The Scala library is the 2.8.1 as I have to work with the Scala Maven plugin. Discussing about plugins configuration I defined the following build configuration:


        src/main/scala
        src/test/scala
         
      
        ${project.basedir}/src/main/resources
      
    
    
      
        ${project.basedir}/src/test/resources
      
    
        
            
                org.scala-tools
                maven-scala-plugin
                
                    
                        
                            compile
                            testCompile
                        
                    
                
                
                    2.8.1
                
            
            
                org.apache.maven.plugins
                maven-compiler-plugin
                2.3.2
                true
                
                    1.6
                    1.6
                
            
            
                org.apache.maven.plugins
                maven-jar-plugin
                2.3.1
            
        
    

Well, this is really a brute force approach. I defined all I think I needed and chose to work into scala directories.

In order to avoid download problems, I selected the set of following repositories:


        
            UK-plugin
            http://uk.maven.org/maven2/
        
        
            scala-tools.org
            Scala-tools Maven2 Repository
            http://scala-tools.org/repo-releases
        
    

    
        
            glassfish-maven-repository.dev.java.net
            GlassFish Maven Repository
            http://download.java.net/maven/glassfish
        
        
            UK
            http://uk.maven.org/maven2/
        
        
            EclipseLink Repo
            http://www.eclipse.org/downloads/download.php?r=1&nf=1&file=/rt/eclipselink/maven.repo
        
        
            scala-tools.org
            Scala-tools Maven2 Repository
            http://scala-tools.org/repo-releases
        
    

Fine we are ready to start ! IntelliJ starts up, recognizes my Scala facets, So far, so good, happy camper I am.

I need a task. I want to persist it and reload it. For starting purpose, let say my task will have a title and of course an id. The test cases are defined as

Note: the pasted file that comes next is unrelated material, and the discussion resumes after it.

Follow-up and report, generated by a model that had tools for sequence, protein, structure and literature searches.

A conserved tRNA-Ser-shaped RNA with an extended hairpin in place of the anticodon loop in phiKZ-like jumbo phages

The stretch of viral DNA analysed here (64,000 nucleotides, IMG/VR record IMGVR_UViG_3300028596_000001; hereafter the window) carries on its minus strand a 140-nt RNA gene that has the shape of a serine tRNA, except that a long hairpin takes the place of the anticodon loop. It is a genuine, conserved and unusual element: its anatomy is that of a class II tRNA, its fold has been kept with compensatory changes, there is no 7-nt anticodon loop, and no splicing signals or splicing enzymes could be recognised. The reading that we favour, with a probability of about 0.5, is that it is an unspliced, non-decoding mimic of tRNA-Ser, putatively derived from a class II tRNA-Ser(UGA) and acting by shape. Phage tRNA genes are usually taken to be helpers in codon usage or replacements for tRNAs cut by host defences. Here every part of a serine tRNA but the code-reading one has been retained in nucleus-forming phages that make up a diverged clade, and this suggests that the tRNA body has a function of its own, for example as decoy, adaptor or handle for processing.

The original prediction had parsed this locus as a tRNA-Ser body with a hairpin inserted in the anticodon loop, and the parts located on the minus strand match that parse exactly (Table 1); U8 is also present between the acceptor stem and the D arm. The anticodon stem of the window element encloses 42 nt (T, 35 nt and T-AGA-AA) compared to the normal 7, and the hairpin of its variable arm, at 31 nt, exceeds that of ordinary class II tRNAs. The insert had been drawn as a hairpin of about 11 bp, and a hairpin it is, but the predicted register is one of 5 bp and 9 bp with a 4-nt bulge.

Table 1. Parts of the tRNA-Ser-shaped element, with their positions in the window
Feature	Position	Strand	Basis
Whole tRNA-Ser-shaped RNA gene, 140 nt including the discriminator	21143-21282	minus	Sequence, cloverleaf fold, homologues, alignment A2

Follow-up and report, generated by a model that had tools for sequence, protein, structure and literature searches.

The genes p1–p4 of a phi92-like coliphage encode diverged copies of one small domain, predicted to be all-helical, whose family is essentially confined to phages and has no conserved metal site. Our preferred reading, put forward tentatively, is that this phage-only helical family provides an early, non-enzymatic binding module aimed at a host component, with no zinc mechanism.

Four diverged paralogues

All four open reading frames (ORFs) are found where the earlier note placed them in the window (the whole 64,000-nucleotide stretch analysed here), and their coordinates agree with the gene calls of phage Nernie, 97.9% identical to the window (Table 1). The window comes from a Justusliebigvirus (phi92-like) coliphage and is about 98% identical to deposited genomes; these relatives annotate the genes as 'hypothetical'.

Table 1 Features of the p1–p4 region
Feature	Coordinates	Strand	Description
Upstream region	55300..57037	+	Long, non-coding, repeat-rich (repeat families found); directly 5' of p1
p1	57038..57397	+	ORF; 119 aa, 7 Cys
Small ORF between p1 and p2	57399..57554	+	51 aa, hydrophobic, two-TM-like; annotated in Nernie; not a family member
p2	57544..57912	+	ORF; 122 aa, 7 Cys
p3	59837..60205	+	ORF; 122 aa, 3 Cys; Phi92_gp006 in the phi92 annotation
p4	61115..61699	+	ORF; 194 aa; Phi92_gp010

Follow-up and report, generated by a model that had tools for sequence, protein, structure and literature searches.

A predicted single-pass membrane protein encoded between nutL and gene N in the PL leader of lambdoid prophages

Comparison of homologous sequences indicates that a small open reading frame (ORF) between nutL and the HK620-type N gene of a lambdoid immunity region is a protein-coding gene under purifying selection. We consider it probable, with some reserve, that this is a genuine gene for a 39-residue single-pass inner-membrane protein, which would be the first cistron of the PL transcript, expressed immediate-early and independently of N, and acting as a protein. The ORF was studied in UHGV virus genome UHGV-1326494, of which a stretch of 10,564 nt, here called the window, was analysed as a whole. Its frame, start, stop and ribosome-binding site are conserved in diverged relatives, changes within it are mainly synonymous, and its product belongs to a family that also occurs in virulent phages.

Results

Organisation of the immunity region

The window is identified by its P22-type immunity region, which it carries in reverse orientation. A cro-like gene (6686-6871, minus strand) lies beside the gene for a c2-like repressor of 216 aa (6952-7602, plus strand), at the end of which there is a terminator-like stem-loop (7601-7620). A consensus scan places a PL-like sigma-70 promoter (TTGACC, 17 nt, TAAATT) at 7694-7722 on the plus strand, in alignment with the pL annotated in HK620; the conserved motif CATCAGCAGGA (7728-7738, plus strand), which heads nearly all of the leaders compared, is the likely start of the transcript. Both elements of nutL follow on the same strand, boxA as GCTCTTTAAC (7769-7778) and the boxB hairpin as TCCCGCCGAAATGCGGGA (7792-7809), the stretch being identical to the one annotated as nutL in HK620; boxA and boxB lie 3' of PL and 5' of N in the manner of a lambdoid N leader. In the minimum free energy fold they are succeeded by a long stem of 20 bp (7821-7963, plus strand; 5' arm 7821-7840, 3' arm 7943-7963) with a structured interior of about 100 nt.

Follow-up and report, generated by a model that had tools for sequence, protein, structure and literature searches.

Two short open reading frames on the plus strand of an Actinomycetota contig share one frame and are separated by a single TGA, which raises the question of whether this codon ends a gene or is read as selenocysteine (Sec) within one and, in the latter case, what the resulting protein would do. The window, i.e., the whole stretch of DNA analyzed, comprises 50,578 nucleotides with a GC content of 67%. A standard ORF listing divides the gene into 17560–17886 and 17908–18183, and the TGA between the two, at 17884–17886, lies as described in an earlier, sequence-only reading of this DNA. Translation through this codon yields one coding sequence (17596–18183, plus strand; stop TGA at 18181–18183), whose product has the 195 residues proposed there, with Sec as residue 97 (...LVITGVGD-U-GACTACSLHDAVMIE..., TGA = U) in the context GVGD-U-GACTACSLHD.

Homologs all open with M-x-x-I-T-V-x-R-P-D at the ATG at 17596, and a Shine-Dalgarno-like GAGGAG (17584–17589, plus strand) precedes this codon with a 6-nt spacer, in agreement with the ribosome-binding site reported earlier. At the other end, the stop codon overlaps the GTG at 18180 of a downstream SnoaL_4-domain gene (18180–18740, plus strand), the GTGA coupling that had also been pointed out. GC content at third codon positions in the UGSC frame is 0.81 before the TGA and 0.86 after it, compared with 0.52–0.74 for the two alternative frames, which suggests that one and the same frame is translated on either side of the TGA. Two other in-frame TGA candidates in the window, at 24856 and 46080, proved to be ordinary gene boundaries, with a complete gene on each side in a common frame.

import org.junit.Test
import org.junit.Assert._

class TestTask {

  @Test
  def id_WithTestValue_ShouldBeBound() {
    val task = new Task
    task.id = 17
    assertEquals(17, task id)
  }
  
  @Test
  def title_WithTestValue_ShouldBeBound() {
    val task = new Task
    task.title = "myTitle"
    assertEquals("myTitle", task title)
  } 
  
}

This leads me to the following Task definition template:

import javax.persistence._

@Entity
@NamedQuery(name = "findAllTasks", query = "SELECT t FROM Task t")
class Task {

  @Id@GeneratedValue var id: Long = 0
  @Column(nullable = false) var title: String = null
}

For clarity purpose, as a first shot, I chose to annotate my Scala fields. As Scala definitions are short, I found more elegant to leave the annotations on the same lines as the field declarations.
Naturally I flagged the definition template with the @Entity annotation. Then I cheated, anticipating a named query dedicated to the selection of all persisted tasks.
How fine and simple is this class template definition, all the beauty of Scala in the uniform access principle application: "It seems that perfection is attained not when there is nothing more to add, but when there is nothing more to remove" (A. de Saint Exupery)

Hurrah, I've got an entity... written in Scala.

Now I want a service to manage this basic skeleton task. How will I query the service in an embedded mode ? I need this very nice stuff introduced in J2EE 6 and destined to ease the integration tests: an embedded EJB container !!! As a reference implementation, Glassfish does provide one (the purpose of the reference in the testing scope).
All I have to to then, is to :
  1. start the embedded container
  2. find my service through JNDI lookup
  3. persist my task
  4. assert my task id has been set
  5. reload my list of persisted tasks
  6. assert my list is not empty

So be it:

import org.junit.Test
import javax.ejb.embeddable.EJBContainer
import com.promindis.planning.entities.Task

import org.junit.Assert._
import java.util.List

final class TestTaskService {
  @Test
  def createTask_WithTestTask() {
    val ec = EJBContainer.createEJBContainer
    val ctx = ec.getContext

    val task = new Task
    task.title =   "testing task"

    val service: TaskEJB = ctx.lookup("TaskEJB").asInstanceOf[TaskEJB]
    service.createTask(task)

    assertNotNull(task id)

    val foundTasks: List[Task] = service.findAllTasks()

    assertNotNull(foundTasks)
    assertEquals(1, foundTasks size)


    ctx.close()

  }
}

Compilation error ! Of course, I must create the service. The solution comes easilly, thanks to the J2EE 6 AOP approach:

import javax.ejb.{LocalBean, Stateless}
import javax.persistence.{EntityManager, PersistenceContext}
import com.promindis.planning.entities._
import java.util.List


@Stateless
@LocalBean
class TaskEJB{
  @PersistenceContext(unitName = "planningPU") private var em: EntityManager = null

  def findAllTasks(): List[Task] ={